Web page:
Brian Shackelford was demoted AGAIN to make room. Whether Schoeneweis is any better than Shackelford is debatable, but I'm ok with this move. It is remarkable how much Shack has been jerked back and forth this year though. On top of that were those dismissed sexual assault charges, it has to be an incredibly frustrating year for the guy.

Guardado to DL; Belisle Returns

In the latest loss to our already-hobbled pitching staff, Eddie Guardado went on the DL. Will Carroll wrote this about his injury:
The Reds have gotten more than most expected from Eddie Guardado since acquiring him. Now he's injured, which is what most expected. A MRI showed that Guardado has inflammation in his elbow, not surprising given the problems he's had in his shoulder. The normal cascade pattern is holding for Guardado, who's now in much the same situation as his former teammate, Brad Radke. Both are holding on, hoping that their damaged arms can do just enough to give them one more shot at the postseason. For those of you wondering how much some athletes want that ring, look no further than this. Guardado heads to the DL, but shouldn't be on for much more than the minimum. Rest will help, but there's a point of diminishing returns
Not very encouraging. And I see no reason to suspect that Carroll's wrong about this one. The Reds' bullpen hasn't been great, but it's had a remarkably better look since Guardado took over 9th inning duties. Narron has indicated that he'll go closer by committee, which probably the only option he has now. Unless he wants to give Bray a go there... Personally, I'm all for using the best relievers you have in the highest leverage situations, whether they're in the 7th, 8th, or 9th innings, so that's fine with me. But I'm scared.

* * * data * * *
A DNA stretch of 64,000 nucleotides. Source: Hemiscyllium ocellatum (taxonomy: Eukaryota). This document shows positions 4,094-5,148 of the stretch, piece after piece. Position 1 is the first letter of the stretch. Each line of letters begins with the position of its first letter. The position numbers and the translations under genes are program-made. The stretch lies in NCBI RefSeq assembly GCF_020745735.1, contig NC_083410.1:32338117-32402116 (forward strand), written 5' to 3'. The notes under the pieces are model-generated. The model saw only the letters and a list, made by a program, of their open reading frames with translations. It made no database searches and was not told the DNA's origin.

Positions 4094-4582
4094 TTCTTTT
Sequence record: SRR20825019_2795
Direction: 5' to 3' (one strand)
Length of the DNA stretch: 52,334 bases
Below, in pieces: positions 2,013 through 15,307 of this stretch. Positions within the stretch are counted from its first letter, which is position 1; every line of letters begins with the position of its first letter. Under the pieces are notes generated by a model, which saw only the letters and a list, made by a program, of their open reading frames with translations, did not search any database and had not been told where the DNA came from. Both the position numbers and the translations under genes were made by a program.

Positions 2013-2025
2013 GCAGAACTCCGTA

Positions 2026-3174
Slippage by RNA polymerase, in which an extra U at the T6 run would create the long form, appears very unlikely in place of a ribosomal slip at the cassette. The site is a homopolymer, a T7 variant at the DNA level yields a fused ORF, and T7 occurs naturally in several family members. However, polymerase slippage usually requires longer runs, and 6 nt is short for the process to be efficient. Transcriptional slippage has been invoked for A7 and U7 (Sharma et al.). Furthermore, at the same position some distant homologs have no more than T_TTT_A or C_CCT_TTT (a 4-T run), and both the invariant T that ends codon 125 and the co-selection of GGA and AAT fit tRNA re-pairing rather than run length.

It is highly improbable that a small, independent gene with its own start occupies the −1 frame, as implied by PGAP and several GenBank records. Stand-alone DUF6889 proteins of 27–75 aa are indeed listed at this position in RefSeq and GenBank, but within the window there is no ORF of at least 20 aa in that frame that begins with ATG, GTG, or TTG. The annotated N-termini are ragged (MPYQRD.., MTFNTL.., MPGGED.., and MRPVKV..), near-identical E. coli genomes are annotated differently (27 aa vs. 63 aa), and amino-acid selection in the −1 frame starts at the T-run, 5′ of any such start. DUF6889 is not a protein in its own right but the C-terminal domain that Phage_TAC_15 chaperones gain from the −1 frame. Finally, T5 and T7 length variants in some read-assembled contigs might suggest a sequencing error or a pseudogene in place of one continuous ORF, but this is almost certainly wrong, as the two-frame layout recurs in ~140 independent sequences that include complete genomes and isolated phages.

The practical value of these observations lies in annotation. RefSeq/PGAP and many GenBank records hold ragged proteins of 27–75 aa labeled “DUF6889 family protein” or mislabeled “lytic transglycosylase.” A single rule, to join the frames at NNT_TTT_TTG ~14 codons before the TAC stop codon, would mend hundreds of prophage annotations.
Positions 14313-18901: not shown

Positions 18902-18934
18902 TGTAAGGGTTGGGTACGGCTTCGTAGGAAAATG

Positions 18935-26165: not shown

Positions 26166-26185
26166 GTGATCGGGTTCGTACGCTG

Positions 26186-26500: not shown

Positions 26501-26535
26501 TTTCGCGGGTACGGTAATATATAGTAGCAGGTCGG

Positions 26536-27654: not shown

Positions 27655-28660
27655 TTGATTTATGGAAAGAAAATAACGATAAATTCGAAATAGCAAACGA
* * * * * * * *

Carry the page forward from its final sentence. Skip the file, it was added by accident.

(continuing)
Belisle still hasn't been given a chance to do much this year, although to be fair he's been hurt a fair bit this year. Hopefully he can step up big for us and put up some zeros on the board.

Michalak to bereavement list; Norris Hopper promoted; Mike Burns designated for assignment

As expected, Michalak's follow-up appearance to his exciting flash in the pan Reds debut turned out to be pretty ugly. But since the Reds don't really have any other viable options for the #5 starter, the Reds are going to stick with him for at least one more start. Hopefully he can do well tomorrow, but I'm not really expecting much. Nevertheless, he's currently on the bereavement list so that he can attend the funeral of his 102 year-old grandmother (Wow! My grandmother would only be in her 80's if she was still around). This allowed the Reds to promote 27-year old right-handed center fielder Norris Hopper to the big league squad for a few days. Stats:
Year/Team PA %K %BB %HR SB/% OBP SLG OPS
2003/KC-AA 456 13% 6% 0.0% 24/71% 0.346 0.342 0.688
2004/KC-AA 403 11% 8% 0.0% 17/71% 0.345 0.309 0.654
2005/CIN-AA 483 8% 6% 0.2% 25/78% 0.354 0.368 0.722
2006/CIN-AA 46 22% 0% 0.0% 3/100% 0.265 0.370 0.635
2006/CIN-AAA 362 6% 5% 0.0% 24/77% 0.379 0.395 0.774
Generally a high-average hitter with almost zero power, he also doesn't walk enough to be particularly promising as a leadoff-type guy. The fact that he was able to improve his numbers when going from AA to AAA is a good sign, but he made this transition at age 27--an age when legitimate prospects should be well-secured in the major leagues. That's not to say that he can't be valuable as a 5th outfielder; I'm just saying that we shouldn't get too excited by his nifty 0.349 AAA batting average. His steal totals indicate that he doesn't have over-the-top speed, but is plenty capable of taking a base at a high success rate. I don't have any data on his fielding abilities, but the fact that he's playing centerfield for the Bats, as well as his good baserunning numbers, all suggest he's got good range.